Reading Sula, often called the first black feminist novel in the United States, students explore themes of friendship, gender, and race.

Unit Summary

Sula, written in 1973 by Nobel Prize-winning author Toni Morrison, is an influential novel that many would call the first black feminist novel in the United States. In Sula, Morrison develops multidimensional female characters and through them explores themes of friendship, gender, and race. Morrison’s writing style is both distinctive and complex, offering the opportunity for many rigorous lessons around author’s choice and style.

At Match, students have a Composition class 4 days per week in addition to English class. Below, we have included Supplementary Composition Projects to reflect the material covered in our Composition course. For teachers who are interested in including these Composition projects but do not have a separate Composition course, we have included a “Suggested Placement” to note where these projects would most logically fit into the English unit. While the Composition projects may occasionally include content unrelated to English 10, most have both a skill and content connection to the work students are doing in their English 10 class.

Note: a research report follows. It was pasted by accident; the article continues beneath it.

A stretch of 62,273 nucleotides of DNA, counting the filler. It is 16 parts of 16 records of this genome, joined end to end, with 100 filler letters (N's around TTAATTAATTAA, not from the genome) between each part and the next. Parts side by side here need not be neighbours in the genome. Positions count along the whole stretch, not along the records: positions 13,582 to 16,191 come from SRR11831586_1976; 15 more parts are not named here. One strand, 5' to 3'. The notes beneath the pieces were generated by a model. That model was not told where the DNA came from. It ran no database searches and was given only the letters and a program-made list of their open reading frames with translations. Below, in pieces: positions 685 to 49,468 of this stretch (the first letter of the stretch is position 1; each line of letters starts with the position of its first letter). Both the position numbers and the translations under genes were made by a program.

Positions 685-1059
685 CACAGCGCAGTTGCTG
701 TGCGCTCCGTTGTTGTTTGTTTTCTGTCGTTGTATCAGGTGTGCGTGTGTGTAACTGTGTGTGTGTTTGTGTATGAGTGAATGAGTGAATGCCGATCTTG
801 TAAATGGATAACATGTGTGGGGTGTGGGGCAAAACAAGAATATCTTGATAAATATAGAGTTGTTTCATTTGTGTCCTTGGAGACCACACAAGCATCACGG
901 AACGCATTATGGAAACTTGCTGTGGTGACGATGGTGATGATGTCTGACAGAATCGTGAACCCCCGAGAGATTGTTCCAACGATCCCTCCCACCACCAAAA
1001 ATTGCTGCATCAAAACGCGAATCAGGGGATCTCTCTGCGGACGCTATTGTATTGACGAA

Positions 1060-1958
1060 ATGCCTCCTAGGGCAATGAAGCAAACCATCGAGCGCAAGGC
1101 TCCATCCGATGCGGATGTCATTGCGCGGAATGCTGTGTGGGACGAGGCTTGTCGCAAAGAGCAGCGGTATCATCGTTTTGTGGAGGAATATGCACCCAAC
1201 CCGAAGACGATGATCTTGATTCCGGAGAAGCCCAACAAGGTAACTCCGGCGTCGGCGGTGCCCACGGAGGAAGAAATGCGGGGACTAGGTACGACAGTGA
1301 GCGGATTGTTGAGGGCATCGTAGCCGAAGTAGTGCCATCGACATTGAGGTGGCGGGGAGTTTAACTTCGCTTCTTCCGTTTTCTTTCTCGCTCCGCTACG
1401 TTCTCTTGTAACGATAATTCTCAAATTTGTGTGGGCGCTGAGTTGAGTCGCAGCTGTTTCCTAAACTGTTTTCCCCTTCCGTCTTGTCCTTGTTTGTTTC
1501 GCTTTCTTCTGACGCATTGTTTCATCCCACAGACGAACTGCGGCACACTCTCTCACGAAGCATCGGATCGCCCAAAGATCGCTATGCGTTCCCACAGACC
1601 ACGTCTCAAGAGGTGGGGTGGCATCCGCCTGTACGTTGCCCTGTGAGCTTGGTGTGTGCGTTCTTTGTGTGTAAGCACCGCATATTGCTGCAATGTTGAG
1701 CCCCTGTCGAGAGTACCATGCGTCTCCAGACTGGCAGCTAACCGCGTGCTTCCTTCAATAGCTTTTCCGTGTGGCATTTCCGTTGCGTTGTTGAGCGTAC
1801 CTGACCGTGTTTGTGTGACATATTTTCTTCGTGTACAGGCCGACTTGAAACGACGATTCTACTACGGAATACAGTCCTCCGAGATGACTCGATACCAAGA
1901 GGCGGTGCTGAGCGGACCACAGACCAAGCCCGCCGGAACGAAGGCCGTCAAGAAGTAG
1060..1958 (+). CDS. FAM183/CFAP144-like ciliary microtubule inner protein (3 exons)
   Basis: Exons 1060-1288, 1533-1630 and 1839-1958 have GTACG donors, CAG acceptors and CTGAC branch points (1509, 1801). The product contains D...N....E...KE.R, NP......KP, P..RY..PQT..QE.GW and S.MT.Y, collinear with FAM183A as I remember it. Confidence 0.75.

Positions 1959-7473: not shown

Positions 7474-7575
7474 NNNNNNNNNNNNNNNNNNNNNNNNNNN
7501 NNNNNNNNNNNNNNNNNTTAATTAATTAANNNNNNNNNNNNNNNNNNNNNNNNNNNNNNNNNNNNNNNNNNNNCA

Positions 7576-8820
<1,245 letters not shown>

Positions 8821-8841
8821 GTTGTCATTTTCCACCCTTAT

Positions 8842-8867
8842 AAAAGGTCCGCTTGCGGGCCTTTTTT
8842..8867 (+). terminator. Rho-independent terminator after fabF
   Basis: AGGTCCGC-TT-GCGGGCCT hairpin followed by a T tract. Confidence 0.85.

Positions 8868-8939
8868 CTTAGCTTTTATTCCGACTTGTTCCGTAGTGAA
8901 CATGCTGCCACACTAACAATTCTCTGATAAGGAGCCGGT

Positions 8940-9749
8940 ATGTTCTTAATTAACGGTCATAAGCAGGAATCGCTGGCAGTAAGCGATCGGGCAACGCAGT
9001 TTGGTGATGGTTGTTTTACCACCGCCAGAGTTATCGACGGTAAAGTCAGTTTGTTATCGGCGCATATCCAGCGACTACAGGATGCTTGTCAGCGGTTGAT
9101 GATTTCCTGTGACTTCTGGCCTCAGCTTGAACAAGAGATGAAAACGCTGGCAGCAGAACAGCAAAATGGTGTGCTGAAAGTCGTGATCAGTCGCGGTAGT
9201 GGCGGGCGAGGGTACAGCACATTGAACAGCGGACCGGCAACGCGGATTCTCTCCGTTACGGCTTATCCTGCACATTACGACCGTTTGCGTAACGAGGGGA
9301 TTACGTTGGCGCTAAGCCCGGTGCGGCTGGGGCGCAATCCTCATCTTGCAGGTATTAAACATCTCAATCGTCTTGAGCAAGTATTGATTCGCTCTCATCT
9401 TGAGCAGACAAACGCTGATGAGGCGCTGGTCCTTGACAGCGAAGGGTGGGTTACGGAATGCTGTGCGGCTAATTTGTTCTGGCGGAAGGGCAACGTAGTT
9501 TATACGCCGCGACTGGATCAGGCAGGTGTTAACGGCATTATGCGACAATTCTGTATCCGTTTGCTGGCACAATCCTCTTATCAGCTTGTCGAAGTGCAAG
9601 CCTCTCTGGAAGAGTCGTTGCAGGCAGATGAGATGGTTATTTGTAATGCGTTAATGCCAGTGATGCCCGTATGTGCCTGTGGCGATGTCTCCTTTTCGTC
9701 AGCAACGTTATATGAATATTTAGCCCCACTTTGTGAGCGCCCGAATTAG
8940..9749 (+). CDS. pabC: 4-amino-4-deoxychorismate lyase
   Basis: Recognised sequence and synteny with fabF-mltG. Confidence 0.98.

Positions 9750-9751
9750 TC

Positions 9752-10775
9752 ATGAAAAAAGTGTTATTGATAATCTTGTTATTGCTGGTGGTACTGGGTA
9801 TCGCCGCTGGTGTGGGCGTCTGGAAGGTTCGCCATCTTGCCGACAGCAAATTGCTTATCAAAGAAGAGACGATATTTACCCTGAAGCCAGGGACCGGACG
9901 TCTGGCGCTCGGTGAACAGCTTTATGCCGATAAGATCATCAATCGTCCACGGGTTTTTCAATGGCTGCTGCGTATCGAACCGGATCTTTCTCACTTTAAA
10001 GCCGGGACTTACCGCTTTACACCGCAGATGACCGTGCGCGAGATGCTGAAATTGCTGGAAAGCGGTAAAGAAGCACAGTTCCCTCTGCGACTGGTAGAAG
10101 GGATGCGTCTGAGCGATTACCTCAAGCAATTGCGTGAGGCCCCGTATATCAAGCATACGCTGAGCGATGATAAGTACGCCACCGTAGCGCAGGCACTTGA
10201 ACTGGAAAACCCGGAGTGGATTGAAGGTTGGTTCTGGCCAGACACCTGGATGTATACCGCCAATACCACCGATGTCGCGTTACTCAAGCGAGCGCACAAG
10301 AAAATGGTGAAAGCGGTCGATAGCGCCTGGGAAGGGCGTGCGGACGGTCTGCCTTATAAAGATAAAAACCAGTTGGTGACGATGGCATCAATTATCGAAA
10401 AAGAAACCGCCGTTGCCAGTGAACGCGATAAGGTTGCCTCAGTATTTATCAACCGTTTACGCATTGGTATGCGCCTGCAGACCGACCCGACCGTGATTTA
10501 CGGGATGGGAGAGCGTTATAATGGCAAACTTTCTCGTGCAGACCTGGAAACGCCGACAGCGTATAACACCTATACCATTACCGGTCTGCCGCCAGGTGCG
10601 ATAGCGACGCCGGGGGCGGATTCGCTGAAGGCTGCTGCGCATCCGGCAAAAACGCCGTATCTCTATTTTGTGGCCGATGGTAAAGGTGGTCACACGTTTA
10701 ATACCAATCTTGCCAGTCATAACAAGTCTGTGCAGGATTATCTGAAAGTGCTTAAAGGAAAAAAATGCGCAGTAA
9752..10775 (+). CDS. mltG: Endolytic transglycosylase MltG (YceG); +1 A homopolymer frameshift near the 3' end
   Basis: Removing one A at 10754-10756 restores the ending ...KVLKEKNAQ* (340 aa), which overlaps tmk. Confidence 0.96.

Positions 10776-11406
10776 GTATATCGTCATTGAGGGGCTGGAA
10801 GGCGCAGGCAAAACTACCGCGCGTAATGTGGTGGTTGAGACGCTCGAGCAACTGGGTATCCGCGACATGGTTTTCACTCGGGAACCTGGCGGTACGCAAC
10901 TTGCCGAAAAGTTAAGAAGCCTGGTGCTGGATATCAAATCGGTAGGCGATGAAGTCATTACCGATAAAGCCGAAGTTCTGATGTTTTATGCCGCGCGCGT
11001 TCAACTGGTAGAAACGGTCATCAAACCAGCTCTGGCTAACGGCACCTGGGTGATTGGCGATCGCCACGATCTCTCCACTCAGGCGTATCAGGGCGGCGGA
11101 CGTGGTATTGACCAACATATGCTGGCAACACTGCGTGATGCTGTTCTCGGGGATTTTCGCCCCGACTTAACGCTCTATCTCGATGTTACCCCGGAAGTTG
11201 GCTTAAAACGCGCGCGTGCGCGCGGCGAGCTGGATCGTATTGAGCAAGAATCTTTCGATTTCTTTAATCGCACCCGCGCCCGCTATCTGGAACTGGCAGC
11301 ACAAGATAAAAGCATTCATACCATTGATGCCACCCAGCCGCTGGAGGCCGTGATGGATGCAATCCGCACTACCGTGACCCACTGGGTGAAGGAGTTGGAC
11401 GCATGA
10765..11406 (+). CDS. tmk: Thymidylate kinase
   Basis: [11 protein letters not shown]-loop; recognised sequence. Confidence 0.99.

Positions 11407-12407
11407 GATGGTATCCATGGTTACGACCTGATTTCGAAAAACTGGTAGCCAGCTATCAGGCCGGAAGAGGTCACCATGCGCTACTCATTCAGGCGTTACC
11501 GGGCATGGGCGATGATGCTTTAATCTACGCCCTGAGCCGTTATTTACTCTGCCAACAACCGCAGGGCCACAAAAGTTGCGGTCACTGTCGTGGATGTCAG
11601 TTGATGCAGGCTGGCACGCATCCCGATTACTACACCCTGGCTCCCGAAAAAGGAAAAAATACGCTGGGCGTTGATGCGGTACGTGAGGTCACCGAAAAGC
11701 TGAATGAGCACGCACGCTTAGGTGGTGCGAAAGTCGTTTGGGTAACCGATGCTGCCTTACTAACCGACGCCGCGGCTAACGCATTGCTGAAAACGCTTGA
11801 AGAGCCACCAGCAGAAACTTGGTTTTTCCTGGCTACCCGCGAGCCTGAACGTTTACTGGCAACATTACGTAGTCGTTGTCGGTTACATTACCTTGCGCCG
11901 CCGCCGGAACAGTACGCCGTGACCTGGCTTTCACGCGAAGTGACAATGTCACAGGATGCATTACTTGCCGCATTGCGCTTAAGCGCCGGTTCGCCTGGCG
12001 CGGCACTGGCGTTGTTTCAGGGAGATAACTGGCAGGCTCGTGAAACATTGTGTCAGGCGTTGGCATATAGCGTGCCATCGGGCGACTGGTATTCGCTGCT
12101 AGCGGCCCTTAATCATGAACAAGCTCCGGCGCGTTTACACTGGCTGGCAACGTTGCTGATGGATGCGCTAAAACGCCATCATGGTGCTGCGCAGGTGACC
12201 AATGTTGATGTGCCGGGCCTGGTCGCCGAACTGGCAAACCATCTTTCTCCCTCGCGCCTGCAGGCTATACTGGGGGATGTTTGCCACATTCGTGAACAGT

In the English lessons of Unit 6 students read Sula, focusing particularly on analyzing Morrison’s complex language as well as her development of the novel’s characters and themes. In these parallel Composition Projects, teachers will have a choice of two projects: one narrative and one literary analysis. The teacher may choose to do both or include other writing projects and/or writing focus areas that respond to students’ interests and/or writing development needs. Since at Match this unit typically falls near the end of the year, we are allowing some flexibility so each individual teacher can choose projects that best align with the types of writing his/her students might benefit from the most.

Texts and Materials

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Core Materials

  • Book: Sula by Toni Morrison (Vintage Press, 2004)  

Supporting Materials


This assessment accompanies Unit 6 and should be given on the suggested assessment day or after completing the unit.

Unit Prep

Intellectual Prep


  • Read and annotate the novel Sula and this unit plan.
  • Read and annotate the paired works of fiction and nonfiction.